About a year ago my fiancé and I received an invitation to his cousin's wedding-well, we sort of received an invitation. The bride, we'll call her "Susie", is actually my fiancé's step-cousin but since his step-father has raised him since he was 3 and he is now 30 and his real father is often out of the picture, nobody gets too technical. My fiancé, "Jim" has always had the same last name though-his biological father's last name to be precise. One would think that Susie, having grown up with Jim, would know this. Apparently she did not. The invitation came addressed to someone that did not live in our home-oh yeah, and his guest. The invite said 'and guest' on the outer envelope and perhaps that wouldn't be too over the top rude if I hadn't met Susie on at least 4 other occasions and oh yeah, did I mention that we got engaged to our fiancés on the exact same day? There was a very big family announcement about this little fact. Needless to say, we didn't go to the wedding but Jim's mother did attend. She attended, hugged the bride and groom, congratulated them, brought a gift. The works. A couple of weeks later she received a thank you letter that went a little something like: We are sorry that you couldn't attend our wedding but we would like to thank you for the lovely blah blah blah.  Ridiculous, simply ridiculous.



I was invited to a very good friend's wedding and the extremely beautiful and fancy invitation read as follows:

You are invited blah blah blah....   Printed on the back.....   Please deposit money in lieu of gift into the following bank account blah blah blah.  Use your name as a reference on the deposit slip.

Gobsmacked!!   I RSVP's that I was unable to attend.



My Fiancé is a music director for a church, and offers his services at other parishes when needed. He has worked at several churches and has made friends along the way, and continues to do some work at my family's parish. One of those "friends", whom we will refer to as "Ethel" is an older lady whom most of our town and parish can not stand."Ethel" is very manipulative, mean spirited, and extremely self serving (for any of you mental health people she is totally a text book histrionic personality disorder). In her world, everyone is out to get her and just "so mean."

Anyways, a few years ago (before I met Fiancé) he met her while working for our parish. She works in the office and is involved in everything there, even things she has no business being a apart of. She immediately adored him  and attempted to "adopt" him. Basically her sons have not done much with themselves, and Fi is everything she has ever wanted in a son. Ethel is always over stepping her boundaries in attempting to be Fiancé's mother.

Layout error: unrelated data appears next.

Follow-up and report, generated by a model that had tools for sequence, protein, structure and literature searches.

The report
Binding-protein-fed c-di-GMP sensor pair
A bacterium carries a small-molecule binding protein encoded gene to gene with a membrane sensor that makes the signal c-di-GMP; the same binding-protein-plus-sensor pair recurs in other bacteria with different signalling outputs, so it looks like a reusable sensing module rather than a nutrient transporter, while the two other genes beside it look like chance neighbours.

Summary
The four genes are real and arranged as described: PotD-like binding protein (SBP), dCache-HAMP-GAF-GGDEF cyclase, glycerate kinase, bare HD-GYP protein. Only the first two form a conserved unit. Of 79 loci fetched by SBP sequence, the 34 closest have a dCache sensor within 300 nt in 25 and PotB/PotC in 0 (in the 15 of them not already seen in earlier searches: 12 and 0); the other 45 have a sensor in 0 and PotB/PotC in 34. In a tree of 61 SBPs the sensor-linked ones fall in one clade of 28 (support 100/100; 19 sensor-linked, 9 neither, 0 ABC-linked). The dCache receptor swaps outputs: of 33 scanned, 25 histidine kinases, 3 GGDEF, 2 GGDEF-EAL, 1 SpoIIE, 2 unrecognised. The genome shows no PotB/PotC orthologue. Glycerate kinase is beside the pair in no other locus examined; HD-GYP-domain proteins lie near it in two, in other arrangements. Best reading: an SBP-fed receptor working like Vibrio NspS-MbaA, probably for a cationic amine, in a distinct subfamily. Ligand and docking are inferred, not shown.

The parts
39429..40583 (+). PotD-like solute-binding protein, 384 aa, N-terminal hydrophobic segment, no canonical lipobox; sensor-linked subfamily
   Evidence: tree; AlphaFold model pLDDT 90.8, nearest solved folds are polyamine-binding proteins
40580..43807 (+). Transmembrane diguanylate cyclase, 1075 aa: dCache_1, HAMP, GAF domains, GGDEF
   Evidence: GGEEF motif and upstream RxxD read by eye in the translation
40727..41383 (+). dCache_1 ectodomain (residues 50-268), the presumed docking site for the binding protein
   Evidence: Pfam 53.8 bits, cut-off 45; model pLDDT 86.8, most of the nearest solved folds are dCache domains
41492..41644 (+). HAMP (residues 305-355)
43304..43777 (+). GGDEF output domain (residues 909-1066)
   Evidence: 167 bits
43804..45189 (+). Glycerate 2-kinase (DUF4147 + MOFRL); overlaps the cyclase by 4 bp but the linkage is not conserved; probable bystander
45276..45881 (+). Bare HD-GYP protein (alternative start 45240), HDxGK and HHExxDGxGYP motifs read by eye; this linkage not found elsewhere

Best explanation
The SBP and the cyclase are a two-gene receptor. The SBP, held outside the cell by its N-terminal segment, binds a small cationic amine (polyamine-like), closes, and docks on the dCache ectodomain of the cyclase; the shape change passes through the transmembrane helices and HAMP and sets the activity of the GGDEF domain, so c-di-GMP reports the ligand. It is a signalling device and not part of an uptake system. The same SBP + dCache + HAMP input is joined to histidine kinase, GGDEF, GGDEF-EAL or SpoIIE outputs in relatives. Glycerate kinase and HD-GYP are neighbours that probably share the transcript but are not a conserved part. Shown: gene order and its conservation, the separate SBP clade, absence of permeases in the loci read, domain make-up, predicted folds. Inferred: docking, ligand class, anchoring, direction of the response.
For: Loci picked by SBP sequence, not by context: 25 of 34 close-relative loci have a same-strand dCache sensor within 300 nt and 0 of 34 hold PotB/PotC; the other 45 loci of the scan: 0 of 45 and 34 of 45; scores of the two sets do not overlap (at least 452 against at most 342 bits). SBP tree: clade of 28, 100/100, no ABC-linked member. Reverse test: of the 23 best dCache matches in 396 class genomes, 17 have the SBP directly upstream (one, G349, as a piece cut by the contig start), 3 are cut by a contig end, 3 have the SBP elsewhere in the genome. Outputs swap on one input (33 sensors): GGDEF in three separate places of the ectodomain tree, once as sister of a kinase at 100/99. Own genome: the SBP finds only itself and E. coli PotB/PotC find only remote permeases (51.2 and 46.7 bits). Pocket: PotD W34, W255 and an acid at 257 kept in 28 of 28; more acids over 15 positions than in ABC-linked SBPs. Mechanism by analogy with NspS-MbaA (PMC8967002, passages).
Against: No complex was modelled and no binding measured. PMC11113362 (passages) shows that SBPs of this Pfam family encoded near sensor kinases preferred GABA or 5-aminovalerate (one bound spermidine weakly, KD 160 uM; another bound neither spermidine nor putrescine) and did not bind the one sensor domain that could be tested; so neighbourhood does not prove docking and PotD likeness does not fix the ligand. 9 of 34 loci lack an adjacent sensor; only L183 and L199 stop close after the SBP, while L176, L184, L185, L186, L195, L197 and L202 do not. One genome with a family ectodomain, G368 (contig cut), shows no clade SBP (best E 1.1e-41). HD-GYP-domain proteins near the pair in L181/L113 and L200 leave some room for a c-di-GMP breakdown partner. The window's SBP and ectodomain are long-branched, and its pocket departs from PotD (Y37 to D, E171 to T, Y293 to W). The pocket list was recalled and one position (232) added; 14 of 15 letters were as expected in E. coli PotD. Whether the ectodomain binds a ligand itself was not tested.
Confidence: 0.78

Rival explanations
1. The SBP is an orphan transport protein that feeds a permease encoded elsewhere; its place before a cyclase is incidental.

Ethel does not care much for me or anyone else in my family, and likewise with us about her. She especially does not care for me since Fiancé and have been together. I get the feeling she thinks I am "tainting" him, and he also his priorities changed after we began dating (i.e. he spending more time with me, not always answering his phone, etc.). Then Fi and I moved in together, big step for us. I can only imagine Ethel's inner monologue when Fiancé changed his mailing address at the church.  

Fast forward six months, Ethel's daughter gets married and she desperately wants Fiancé to play and sing, which he agrees to do. Fiancé informs me about the wedding and the reception. I am slightly confused b/c no invitation has arrived at the house. When I question this he informs me that it came to his office.... I question this, and he shrugs it off. After longer discussion, I find out that not only did she send the invitation to his office, not our home, she had the audacity to put Fiancé & GUEST......

Fiancé being a man doesn't quite understand until I spell it out for him, A) she sends your paycheck to our home every other week, not to mention works in the OFFICE of the church, she knows our address B) She knows we live together, she knows me and still put that on the invite THAT she SENT to your OFFICE. Fiancé and I actually had a fight about this b/c he began to defend her actions, and could not believe that Ethel did this on purpose. I finally had to say that while I am pissed about what she did, his reaction pissed me off even more b/c I felt that she had disrespected me, him, and our relationship, and he was defending that action. We worked it out in the end (of course), but it really fired me up.